Martin Scorsese, the director, paints a world of vast luxery and beauty in the society yet under the veneer, it is a highly controlled and monitored group. Interestingly enough it is both the men and the women in this society who work to maintain strict social norms and create tight borders around who is and is not in their society. Almost all the characters, including May's mother (played by Geraldine Chaplin) and Newland's mother (played by Sian Phillips - that wonderful actress who plays Empress Livia in the I, Claudius series), help maintain this tight controlled social world of manners and morals, that can become a prison for those who may wish to break the rules.

    The crux of the film is that a young man, engaged to marry the right girl for him, a beautiful rich socialite, becomes more and more interested in her worldly sophisticated experienced cousin. He acts with extreme kindness which wins the heart of Countess Olenska, but to hurt those around him to follow a romance with the Countess would lower him in her eyes and she resists the romance, in major part because of the consequences to her younger cousin and to Newland. He is also a character pulled apart by the restrictions of society and his desires for Ellen. As they inch closer to beginning an affair, society comes to the rescue and divides them forever. It is the strategic moves of his wife, May, that really close the deal for she manipulates both Newland and Ellen to back away from each other with her carefully played role of the potential innocent victim. As narrator Joanne Woodward relates, all New York Society rallys and supports May and works to retain the marriage while separating Ellen and Newland. After she leaves for Paris he never sees her again.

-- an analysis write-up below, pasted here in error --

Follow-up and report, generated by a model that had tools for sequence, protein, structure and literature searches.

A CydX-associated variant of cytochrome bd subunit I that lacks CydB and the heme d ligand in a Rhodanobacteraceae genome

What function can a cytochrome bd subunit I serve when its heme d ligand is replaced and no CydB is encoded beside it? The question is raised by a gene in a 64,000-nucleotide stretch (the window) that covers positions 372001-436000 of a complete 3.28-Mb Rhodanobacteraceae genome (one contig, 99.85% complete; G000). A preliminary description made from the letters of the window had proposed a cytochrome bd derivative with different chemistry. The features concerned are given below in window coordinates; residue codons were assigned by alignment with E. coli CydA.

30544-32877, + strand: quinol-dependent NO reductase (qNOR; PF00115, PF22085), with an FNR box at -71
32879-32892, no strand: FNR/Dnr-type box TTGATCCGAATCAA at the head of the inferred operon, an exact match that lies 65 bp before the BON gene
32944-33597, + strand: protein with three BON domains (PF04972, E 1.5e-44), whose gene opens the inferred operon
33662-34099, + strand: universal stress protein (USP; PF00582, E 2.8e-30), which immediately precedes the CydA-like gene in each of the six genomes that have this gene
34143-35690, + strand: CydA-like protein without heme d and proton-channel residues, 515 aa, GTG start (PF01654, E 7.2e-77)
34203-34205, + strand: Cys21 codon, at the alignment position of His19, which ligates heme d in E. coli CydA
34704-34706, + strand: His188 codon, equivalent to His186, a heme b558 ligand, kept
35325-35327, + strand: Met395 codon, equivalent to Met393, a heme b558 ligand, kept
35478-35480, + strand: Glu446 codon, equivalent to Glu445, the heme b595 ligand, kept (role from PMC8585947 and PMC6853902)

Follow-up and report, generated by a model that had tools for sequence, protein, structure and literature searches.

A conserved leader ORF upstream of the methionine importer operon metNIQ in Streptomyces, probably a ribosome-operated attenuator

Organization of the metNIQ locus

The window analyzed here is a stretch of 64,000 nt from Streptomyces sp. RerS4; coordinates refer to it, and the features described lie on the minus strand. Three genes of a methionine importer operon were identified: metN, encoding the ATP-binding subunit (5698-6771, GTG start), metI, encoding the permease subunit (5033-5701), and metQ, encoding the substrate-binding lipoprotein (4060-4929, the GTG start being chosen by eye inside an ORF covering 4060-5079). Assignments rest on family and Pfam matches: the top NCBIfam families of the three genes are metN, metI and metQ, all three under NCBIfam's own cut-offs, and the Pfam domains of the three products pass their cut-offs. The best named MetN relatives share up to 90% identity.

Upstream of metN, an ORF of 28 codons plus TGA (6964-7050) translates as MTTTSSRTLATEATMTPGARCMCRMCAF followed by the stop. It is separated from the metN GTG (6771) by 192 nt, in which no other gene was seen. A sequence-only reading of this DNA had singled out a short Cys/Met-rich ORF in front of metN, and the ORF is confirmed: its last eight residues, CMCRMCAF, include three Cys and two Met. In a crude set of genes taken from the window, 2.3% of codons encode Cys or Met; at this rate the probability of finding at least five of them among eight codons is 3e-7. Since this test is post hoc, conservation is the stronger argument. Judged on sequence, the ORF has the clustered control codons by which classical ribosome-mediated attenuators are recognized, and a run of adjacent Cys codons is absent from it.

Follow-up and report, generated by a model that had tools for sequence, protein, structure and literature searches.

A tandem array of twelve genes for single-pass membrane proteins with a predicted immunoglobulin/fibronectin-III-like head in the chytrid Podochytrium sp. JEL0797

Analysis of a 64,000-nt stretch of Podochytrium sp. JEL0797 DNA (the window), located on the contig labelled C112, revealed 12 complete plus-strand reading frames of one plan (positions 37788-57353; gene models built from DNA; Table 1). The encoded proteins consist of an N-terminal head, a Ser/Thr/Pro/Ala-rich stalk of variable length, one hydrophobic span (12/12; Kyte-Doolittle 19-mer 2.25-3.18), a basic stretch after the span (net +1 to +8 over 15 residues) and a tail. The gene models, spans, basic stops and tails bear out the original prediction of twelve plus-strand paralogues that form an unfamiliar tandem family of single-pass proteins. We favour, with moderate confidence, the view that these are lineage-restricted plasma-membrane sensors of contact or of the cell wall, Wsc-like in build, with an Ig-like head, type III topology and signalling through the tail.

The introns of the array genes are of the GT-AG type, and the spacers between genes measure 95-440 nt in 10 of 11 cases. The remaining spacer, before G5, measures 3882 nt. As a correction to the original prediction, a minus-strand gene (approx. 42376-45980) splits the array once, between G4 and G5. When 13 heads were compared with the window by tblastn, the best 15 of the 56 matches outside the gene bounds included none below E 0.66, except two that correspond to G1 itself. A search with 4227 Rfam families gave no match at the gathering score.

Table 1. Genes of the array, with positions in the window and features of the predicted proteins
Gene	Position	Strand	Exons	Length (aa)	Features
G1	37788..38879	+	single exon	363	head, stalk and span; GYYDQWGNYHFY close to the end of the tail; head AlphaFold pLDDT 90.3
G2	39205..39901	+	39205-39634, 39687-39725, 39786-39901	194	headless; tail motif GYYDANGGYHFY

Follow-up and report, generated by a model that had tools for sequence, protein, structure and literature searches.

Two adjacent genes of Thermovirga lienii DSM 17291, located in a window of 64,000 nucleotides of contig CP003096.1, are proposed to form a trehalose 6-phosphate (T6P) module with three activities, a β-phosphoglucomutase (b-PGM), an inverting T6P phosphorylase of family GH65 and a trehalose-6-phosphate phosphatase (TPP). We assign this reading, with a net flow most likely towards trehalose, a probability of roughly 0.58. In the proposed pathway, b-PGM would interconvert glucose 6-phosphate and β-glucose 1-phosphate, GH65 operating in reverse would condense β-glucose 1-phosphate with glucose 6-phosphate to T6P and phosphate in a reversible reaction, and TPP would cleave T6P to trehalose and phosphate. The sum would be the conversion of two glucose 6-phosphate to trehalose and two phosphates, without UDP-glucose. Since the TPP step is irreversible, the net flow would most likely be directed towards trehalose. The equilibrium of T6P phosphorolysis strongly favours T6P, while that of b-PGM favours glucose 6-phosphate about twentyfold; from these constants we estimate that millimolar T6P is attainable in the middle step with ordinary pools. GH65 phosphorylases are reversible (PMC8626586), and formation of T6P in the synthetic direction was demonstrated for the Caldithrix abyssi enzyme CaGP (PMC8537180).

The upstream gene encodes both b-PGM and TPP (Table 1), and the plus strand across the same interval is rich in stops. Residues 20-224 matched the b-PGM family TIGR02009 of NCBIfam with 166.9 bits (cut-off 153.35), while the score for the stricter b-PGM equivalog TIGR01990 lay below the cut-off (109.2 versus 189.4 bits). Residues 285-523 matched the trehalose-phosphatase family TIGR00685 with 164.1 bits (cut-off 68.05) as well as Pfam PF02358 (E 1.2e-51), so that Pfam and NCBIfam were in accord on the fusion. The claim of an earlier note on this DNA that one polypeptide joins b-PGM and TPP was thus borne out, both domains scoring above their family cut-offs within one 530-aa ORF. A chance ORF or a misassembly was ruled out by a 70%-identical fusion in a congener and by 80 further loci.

What do modern audiences make of such a situation as created by Edith Wharton in the 1920's? It all boils down to whether your choices in life are dictated primarily by your own moral compass or by the moral compass of society. There are costs to each. Gay men have selected to marry women due to the pressure of our culture and society for years. We know the price of society's norms. And yet, we know that those who follow only their own moral compass can create great pain and chaos in the lives of those around them as well as for themselves. Newland Archer chooses to live in a gilded cage, to seek happiness from family life, but to always feel somewhat cheated that his one true sexual passionate love never became a reality.

    ...more info
  • ON MY TOP FIVE LIST OF MY FAVORITE FILMS